“Just a dinner,” Marge said. “A simple dinner. Spaghetti, with donated sauce — home made. The good kind. We can all make sauce, can’t we? My daughter’ll help. The more we donate, the lower the expense, and the more money we can send for the children. I found an association that’ll take the money and assure it goes strictly to help the migrant children.”
Madame President folded her hands, slowly radiating a smile.
“All those in favor of a Spaghetti dinner to help the migrant worker children, say aye.”
As the ayes had it, the great spaghetti event unfolded in the year of Our Lord 1956 with high expectations and excitement. Donated cakes, pounds of meat, simmered sauce and box after box of spaghetti mustered into the little church. On the lawn, games for the children and ice cream. Above it all, a diminutive Marge buzzed between tables and booths, supervising every detail.
“A dime a dip?” Mr. Forster-Brookings said. He was a tower of piety and strength in the church. “A bit steep for a ladle full of sauce, Marge, don’t you think?”
“But you get the spaghetti for free, John,” she answered. “Remember, a meatball is only a nickel. But you get no bread with one meatball.”
“Four meatballs and two dips,” John crowed. “How much for a sprinkle of cheese?”
“For free,” Marge said, “unless you want to donate a little something extra. Then I’ll throw in a nice green side salad.”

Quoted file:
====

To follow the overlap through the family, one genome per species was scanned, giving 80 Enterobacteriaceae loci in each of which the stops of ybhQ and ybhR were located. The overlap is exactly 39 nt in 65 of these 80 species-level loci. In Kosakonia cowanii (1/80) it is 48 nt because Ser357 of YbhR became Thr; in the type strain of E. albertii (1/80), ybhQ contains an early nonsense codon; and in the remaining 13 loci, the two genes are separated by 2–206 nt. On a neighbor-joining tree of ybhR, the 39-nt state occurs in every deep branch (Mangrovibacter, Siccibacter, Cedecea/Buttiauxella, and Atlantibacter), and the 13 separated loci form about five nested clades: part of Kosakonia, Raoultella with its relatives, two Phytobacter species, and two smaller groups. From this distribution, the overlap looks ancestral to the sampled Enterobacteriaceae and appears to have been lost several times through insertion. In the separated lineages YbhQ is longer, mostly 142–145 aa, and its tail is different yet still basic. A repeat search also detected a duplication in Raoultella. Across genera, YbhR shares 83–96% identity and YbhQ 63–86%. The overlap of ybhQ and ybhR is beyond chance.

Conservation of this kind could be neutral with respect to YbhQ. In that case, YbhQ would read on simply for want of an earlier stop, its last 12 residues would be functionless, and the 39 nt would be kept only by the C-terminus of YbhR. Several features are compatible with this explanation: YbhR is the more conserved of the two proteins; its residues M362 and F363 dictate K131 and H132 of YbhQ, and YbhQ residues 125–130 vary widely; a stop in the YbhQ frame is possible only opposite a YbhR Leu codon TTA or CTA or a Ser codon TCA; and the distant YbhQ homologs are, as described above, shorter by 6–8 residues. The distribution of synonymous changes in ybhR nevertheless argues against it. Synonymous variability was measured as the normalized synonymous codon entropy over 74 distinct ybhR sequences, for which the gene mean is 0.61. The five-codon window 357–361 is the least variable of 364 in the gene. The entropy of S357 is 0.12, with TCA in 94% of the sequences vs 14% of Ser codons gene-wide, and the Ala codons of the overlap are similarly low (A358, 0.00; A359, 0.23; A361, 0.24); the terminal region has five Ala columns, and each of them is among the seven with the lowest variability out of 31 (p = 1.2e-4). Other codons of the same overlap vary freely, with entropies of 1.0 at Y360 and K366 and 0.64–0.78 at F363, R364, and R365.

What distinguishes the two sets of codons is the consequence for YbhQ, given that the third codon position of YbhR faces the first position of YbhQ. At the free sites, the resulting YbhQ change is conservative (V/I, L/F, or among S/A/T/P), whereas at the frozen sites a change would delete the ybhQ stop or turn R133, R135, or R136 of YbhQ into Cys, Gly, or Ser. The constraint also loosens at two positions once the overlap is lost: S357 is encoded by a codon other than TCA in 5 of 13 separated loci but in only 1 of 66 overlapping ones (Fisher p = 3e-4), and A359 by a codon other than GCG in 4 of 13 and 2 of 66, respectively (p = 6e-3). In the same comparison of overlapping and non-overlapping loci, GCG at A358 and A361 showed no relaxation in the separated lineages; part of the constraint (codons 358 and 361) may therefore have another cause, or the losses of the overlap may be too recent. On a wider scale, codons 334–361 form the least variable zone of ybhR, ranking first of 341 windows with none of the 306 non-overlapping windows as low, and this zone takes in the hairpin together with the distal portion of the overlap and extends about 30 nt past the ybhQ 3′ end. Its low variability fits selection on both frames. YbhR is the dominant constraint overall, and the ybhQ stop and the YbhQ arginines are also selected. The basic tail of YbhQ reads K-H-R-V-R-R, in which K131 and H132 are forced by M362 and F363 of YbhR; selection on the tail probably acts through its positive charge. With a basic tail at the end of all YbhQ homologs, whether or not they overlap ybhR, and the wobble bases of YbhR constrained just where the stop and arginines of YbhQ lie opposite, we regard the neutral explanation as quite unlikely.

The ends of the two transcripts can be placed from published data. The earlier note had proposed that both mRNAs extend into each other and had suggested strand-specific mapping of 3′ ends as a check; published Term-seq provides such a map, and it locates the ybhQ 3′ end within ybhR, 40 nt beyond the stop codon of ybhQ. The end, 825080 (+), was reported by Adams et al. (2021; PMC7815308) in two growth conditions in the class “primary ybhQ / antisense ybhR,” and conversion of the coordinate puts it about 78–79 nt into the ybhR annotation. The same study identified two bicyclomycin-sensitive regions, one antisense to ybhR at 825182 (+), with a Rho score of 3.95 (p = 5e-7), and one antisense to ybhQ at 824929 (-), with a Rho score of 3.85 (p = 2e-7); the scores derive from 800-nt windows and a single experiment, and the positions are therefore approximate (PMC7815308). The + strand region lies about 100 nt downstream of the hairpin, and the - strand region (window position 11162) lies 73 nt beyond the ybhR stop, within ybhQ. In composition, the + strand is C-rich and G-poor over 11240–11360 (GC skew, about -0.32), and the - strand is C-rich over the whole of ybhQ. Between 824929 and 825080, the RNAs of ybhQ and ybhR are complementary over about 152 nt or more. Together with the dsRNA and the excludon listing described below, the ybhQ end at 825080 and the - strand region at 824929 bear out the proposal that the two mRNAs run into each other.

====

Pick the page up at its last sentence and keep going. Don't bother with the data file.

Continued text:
“This is amazing,” Anna said. “Everyone’s having a wonderful time. It’s a great event, Marge; and the last time I checked, the till was at a whopping . . .”
“$500,” Marge said. She smiled, an inward radiation filling her cheeks. “If I get to $600, I’ll be happy. Lot’s of shoes for $600. Next year . . .”
“Why, of course, unless you want to do it sooner? Next year, we’ll add arts and crafts.”
“Next year,” Marge said, “you must assure that the Dime a Dip continues. I wish I could get up and run it from South Jersey, but it’s impossible. Promise me.”
“I don’t see how we can stop it after thirty years,” Anna said. “What’s in the till today?”
“$8,000. Lots of . . .”
“Lots of shoes for $8,000. Bless you dear.”
Marge beamed. She went into the kitchen and lit up, her slight gray form reflected in the stainless steel. Her auburn hair, long since honey blond by choice, neatly peeked out from beneath her scarf. She looked through the service window at the busy ladies and satisfied customers, taking their dime a dip, donating much more at checkout. Marge smiled. Something caught her eye. A man, in business attire, quite out of place for a spaghetti dinner, spoke with Anna. Anna pointed toward the kitchen door. The man approached Marge’s restful inner sanctum.